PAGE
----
Patient involvement is an issue which is topical at the moment, according to Åsa Wallin:

“If people are not yet working on it, they want to. I believe that certain systemic changes are required. But we are ahead of our time – it is an immature process. For example, we cannot require patient participation in our calls for applications as it can be difficult to achieve from a purely practical perspective. What is positive is that many companies are already taking that approach and see the business benefits of patient involvement. Now we need to work to ensure it happens early on in the process and that all agents are on board.”

Some success factors for patient involvement

  • The patient in the innovation project is to be part of a team. This means that the project does not stop if the patient enters a phase of active healthcare.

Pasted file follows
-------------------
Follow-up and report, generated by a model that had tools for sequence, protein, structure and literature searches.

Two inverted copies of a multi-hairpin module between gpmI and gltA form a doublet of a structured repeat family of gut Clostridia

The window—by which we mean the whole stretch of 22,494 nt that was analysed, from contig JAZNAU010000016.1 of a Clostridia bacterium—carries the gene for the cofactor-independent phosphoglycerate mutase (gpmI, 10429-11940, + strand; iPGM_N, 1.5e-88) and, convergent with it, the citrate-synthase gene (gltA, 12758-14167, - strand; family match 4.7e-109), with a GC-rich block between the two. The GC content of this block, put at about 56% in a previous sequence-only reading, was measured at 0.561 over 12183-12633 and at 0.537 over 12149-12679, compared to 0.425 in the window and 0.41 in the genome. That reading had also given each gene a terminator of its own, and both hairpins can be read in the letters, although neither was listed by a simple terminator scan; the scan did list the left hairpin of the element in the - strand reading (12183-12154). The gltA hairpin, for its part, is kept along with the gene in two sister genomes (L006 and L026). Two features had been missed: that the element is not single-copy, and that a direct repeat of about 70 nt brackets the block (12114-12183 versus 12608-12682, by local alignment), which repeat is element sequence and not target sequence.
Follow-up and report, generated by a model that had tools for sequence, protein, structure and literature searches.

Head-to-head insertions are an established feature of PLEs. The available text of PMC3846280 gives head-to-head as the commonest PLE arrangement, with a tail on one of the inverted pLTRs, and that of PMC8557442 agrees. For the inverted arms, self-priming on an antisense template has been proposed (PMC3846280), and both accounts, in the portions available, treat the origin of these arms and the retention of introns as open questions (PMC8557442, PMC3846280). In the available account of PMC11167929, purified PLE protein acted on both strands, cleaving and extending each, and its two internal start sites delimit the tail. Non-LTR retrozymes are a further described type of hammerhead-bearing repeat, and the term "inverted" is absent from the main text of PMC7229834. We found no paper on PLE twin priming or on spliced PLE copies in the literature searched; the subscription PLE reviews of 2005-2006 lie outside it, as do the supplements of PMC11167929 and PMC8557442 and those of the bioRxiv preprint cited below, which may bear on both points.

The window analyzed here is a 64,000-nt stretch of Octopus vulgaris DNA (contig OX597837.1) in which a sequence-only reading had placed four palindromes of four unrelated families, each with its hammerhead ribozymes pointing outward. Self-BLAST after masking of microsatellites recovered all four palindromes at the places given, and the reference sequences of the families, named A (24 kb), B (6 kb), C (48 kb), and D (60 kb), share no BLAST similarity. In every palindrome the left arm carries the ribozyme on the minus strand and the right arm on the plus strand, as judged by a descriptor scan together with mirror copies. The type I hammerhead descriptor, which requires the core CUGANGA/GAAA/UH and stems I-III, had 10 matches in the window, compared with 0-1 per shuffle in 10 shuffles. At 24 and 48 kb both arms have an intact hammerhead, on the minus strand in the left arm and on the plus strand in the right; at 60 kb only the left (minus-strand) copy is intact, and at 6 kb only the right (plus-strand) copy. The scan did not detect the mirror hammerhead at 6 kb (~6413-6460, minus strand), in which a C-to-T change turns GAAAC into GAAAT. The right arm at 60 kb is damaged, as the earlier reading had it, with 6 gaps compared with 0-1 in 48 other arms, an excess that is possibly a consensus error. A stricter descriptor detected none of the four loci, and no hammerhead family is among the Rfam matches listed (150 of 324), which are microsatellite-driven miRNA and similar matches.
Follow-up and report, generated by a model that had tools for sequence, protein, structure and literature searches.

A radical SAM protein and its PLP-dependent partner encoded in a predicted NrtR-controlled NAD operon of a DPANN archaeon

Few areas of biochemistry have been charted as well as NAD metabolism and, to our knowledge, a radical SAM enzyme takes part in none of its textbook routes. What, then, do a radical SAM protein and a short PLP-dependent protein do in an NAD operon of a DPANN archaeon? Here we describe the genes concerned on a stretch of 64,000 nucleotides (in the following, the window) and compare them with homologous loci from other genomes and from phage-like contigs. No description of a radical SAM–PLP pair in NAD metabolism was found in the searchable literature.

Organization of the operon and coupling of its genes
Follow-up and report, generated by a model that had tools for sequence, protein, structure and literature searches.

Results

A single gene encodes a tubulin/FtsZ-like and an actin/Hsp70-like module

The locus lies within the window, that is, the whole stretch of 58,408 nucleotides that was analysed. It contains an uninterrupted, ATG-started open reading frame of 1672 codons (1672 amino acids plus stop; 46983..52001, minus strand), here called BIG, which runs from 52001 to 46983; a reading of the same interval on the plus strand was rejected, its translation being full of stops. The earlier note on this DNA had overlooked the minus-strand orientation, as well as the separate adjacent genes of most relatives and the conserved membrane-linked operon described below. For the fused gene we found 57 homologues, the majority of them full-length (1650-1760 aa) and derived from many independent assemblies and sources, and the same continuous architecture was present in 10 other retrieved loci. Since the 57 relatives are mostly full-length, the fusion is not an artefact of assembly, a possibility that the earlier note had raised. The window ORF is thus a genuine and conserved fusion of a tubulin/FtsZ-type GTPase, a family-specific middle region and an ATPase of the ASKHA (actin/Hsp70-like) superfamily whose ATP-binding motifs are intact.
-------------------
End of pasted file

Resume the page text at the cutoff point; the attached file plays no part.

• It is optimal to involve the patient early on in the process, preferably from the idea stage.
  • Equal opportunities. The patient’s participation is an expertise that is to be remunerated and therefore should not be on a voluntary basis. The patient is to be compensated exactly as other agents in an innovation project in a Swelife call for applications, for example.
  • See the patient as an important role in the description of requirements. The patient is a subject with something important to contribute and not an object destined to become one box to be ticked among various criteria.